In this news brief: St. Pete mayor Rick Kriseman announces a new plan to name a library after President Barack Obama; statewide vigils are being held tonight to honor the victims of the Parkland shooting; 26 unlicensed contractors are arrested in Operation Drop the Hammer; the Tampa Downtown Partnership wants you to leave your car at home this week.
Voters elected incumbent Rick Kriseman to be mayor of St. Petersburg by a slim margin on Tuesday.
According to the Pinellas County Supervisor of Elections, Kriseman won 51.64 percent of the vote. His opponent, former mayor of St. Petersburg Rick Baker, received 48.36 percent of the vote. Fewer than 2,000 votes separated the two candidates, both of whom have served time as the city’s mayor.
Kriseman campaigned with a platform that supported clean energy and LGBT equality, while openly criticizing President Donald Trump. He also emphasized his commitment to reducing crime and improving infrastructure.
Baker’s campaign also focused on reducing crime and making St. Petersburg more environmentally friendly. His campaign website’s “blueprint” also showed his desire to improve public schools, bring more jobs to the area and revitalize the downtown district.
On paper, both candidates seem to agree on most topics—but they certainly did not act like it. Baker, who was the city’s mayor from 2001 to 2010, repeatedly criticized Kriseman’s administration, blaming it for St. Pete’s “sewage crisis” which was worsened by Hurricane Irma. Kriseman called out Baker for not openly opposing Trump.
While the office is nonpartisan, political parties still play a major role. Kriseman is a Democrat and Baker is a Republican.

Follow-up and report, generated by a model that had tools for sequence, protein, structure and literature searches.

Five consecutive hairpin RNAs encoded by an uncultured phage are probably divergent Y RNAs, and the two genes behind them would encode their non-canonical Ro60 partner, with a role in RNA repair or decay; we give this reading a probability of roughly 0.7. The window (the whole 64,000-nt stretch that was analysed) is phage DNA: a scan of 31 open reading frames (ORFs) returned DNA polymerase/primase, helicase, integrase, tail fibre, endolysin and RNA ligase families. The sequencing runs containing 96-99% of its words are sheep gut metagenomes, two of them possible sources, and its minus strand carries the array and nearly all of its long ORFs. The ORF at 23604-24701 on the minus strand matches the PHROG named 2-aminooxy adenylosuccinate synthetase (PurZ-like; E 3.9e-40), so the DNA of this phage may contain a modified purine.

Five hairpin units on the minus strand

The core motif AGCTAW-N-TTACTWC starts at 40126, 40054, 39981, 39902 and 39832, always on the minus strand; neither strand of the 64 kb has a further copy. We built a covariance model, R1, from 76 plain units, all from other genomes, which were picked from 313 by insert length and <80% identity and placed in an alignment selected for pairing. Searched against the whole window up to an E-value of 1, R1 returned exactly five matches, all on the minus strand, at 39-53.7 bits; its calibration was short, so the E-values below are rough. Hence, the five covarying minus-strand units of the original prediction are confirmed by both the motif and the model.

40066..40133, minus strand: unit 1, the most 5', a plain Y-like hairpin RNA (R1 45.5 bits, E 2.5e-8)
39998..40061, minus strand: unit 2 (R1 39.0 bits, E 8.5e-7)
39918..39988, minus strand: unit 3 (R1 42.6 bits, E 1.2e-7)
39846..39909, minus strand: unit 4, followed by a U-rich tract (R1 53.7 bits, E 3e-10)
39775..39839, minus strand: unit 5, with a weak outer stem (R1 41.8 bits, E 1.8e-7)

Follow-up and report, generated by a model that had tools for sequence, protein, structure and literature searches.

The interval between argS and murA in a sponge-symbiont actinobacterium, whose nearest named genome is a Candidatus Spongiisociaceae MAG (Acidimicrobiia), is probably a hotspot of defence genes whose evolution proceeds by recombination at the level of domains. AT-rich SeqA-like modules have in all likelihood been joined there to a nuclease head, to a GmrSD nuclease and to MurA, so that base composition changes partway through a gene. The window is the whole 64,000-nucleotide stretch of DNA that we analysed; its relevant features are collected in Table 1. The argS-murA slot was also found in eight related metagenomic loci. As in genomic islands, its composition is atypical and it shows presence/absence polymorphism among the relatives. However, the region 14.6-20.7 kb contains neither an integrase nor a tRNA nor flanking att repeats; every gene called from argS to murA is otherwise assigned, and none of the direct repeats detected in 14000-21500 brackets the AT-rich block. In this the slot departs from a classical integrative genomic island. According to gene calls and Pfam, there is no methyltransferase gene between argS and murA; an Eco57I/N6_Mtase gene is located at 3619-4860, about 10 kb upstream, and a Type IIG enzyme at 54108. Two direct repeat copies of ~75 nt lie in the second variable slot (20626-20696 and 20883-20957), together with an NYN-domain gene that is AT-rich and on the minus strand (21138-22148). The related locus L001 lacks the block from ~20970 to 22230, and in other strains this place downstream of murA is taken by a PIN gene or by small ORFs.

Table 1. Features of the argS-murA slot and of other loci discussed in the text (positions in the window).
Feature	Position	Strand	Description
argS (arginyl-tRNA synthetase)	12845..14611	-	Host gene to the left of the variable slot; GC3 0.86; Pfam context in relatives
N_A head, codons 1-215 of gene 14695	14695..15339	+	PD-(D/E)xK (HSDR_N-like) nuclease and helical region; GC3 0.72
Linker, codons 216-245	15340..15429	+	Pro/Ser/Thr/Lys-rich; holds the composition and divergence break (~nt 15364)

A columnist at the Tampa Bay Timesadvocated for Baker to speak publicly about Trump. For John Romano, the writer of that article, knowing a candidate’s political ideology is crucial when deciding who to vote for, and knowing whether Baker supports one of the most polarizing people in America could have swayed voters.
Kriseman won despite the fact that the Tampa Bay Times, the most popular local newspaper, endorsed Baker. The Times traditionally recommends Democrats, and some have questioned the newspaper’s motive for recommending Baker.
In this news brief: several Bay Area post offices are open late today so people can make tonight’s tax day deadline; two people are injured after a boat catches on fire in Coquina Key; heavy fires inside a New Tampa Jersey Mike’s damage three neighboring businesses; an overnight house fire in Wimauma sends one person to the hospital; Tampa International Airport releases more plans for its billion-dollar renovations; the first and second rounds of March Madness are returning to Tampa in 2020.
In this education brief: a St. Petersburg teacher is surprised with a $25,000 award; a local elementary school is providing for its students in and out of the classroom; some Bay Area teachers will be receiving a bonus through the Best and Brightest program; a new Riverview school is named after a civil rights activist.
St. Pete Festival helps to build the city’s reputation as a harbor for the arts and celebrates local artists and their creations with 57 dedicated events ever weekend through September
On Sept. 17 a series of curated dance performances took the streets of downtown St. Petersburg. It was part of Our Town: A Moving Dance Tour of St. Pete, an original art installation directed by USF assistant professor of dance Andee Scott. Scott has wanted to create a piece of moving public art for some time now.
“I think it’s just fun to think of the audience as part of the performance,” said Scott.